This result makes me wonder whether the brain is the only agent responsible for our consciousness and abilities. Although I used to be a hard core materialist, and believed that who we are and how we behave is entirely due to the activity of neurons, my view has been changing. These days, I’m considering theories such as idealism, panpsychism, dualism, and brain-as-a-receiver, as possible explanations for the mystery of consciousness and behavior.
- A Scientific American article that gives a few more examples of puzzling mind-brain phenomenon: Transcending the Brain
Excerpt: “…Even more intriguingly, it is well known that psychedelic substances induce powerful experiences of self-transcendence.12 It had been assumed that they did so by exciting parts of the brain. Yet, recent neuroimaging studies have shown that psychedelics do largely the opposite.13 Moreover, “the magnitude of this decrease [in brain activity] predicted the intensity of the subjective effects.”14 In other words, the less activated the brain becomes, the more intense the psychedelic experiences.”
Quote By Yuval Noah Harari, author of Sapiens
“For the first time in history, more people die today from eating too much than from eating too little; more people die from old age than from infectious diseases; and more people commit suicide than are killed by soldiers, terrorists and criminals combined. In the early twenty-first century, the average human is far more likely to die from bingeing at McDonald’s than from drought, Ebola or an al-Qaeda attack.”
Incredible Person: John von Neumann
I’m always surprised that more people haven’t heard of John von Neumann. He was one of the greatest mathematical minds of all time and made significant contributions in a wide range of academic disciplines (Quantum Physics, Nuclear Physics, Computer Science, Biology, and Economics, to name a few). His wikipedia page is well worth reading, but if you don’t have time for that, here’s a short list of some of its most interesting excerpts:
- When he was six years old, he (von Neumann) could divide two eight digit numbers in his head and could converse in ancient Greek. When the six year old von Neumann caught his mother staring aimlessly, he asked her “What are you calculating?”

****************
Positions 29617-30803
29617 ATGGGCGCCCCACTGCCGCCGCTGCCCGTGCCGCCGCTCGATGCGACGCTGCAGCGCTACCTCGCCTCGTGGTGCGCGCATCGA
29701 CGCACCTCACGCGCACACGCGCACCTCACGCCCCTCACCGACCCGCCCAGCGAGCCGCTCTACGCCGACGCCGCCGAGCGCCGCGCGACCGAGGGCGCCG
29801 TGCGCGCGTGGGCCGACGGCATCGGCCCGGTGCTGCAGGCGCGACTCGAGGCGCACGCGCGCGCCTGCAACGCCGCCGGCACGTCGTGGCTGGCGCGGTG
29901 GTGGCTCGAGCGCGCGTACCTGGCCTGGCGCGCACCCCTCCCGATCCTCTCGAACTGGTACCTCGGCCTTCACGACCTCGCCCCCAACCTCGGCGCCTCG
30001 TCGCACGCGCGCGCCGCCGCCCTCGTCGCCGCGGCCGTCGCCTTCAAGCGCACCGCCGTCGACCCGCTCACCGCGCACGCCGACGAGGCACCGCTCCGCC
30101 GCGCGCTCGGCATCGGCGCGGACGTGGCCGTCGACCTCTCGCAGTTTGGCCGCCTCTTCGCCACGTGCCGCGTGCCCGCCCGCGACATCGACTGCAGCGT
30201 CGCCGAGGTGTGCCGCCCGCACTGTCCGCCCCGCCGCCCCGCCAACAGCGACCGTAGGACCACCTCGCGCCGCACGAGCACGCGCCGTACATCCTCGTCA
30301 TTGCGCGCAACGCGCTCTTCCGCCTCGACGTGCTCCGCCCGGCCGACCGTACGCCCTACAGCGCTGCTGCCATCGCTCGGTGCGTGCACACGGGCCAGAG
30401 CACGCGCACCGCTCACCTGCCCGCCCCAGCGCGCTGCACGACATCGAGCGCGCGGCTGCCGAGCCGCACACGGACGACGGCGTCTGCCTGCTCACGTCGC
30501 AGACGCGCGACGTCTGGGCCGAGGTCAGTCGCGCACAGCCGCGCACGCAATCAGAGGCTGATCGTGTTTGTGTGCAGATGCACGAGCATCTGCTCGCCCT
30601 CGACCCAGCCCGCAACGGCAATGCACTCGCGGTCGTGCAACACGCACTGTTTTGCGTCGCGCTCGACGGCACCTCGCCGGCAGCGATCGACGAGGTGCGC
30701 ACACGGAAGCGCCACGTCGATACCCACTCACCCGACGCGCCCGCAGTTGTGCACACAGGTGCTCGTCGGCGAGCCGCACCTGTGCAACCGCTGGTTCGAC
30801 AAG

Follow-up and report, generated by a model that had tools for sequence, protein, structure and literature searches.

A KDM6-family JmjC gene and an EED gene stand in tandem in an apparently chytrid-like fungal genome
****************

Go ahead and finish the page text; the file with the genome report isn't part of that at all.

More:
- At the age of 15, he began to study advanced calculus under the renowned analyst Gábor Szegó. On their first meeting, Szegó was so astounded by (von Neumann’s) mathematical talent that he was brought to tears.
- By the end of 1927 (Neumann was born in 1903) he had published twelve major papers in mathematics, and by the end of 1929, thirty two papers, at a rate of nearly one major paper per month.
- Despite being a notoriously bad driver, he nonetheless enjoyed driving – frequently while reading a book – occasioning numerous arrests as well as accidents.
- He believed much of his mathematical thought occurred intuitively, and he would often go to sleep with a problem unsolved and know the answer immediately upon waking up.
- Nobel Laureate Hans Bethe said “I have sometimes wondered whether a brain like von Neumann’s does not indicate a species superior to that of man.”
- Herman Goldstein once said: “One of his remarkable abilities was his power of absolute recall. As far as I could tell, von Neumann was able on once reading a book or article to quote it back verbatim; moreover, he could do it years later without hesitation. He could also translate it at no diminution in speed from its original language into English. On one occasion I tested his ability by asking him to tell me how A Tale of Two Cities started. Whereupon, without any pause, he immediately began to recite the first chapter and continued until asked to stop after about ten or fifteen minutes.”
Company I’m simultaneously disturbed and thrilled by: Neuralink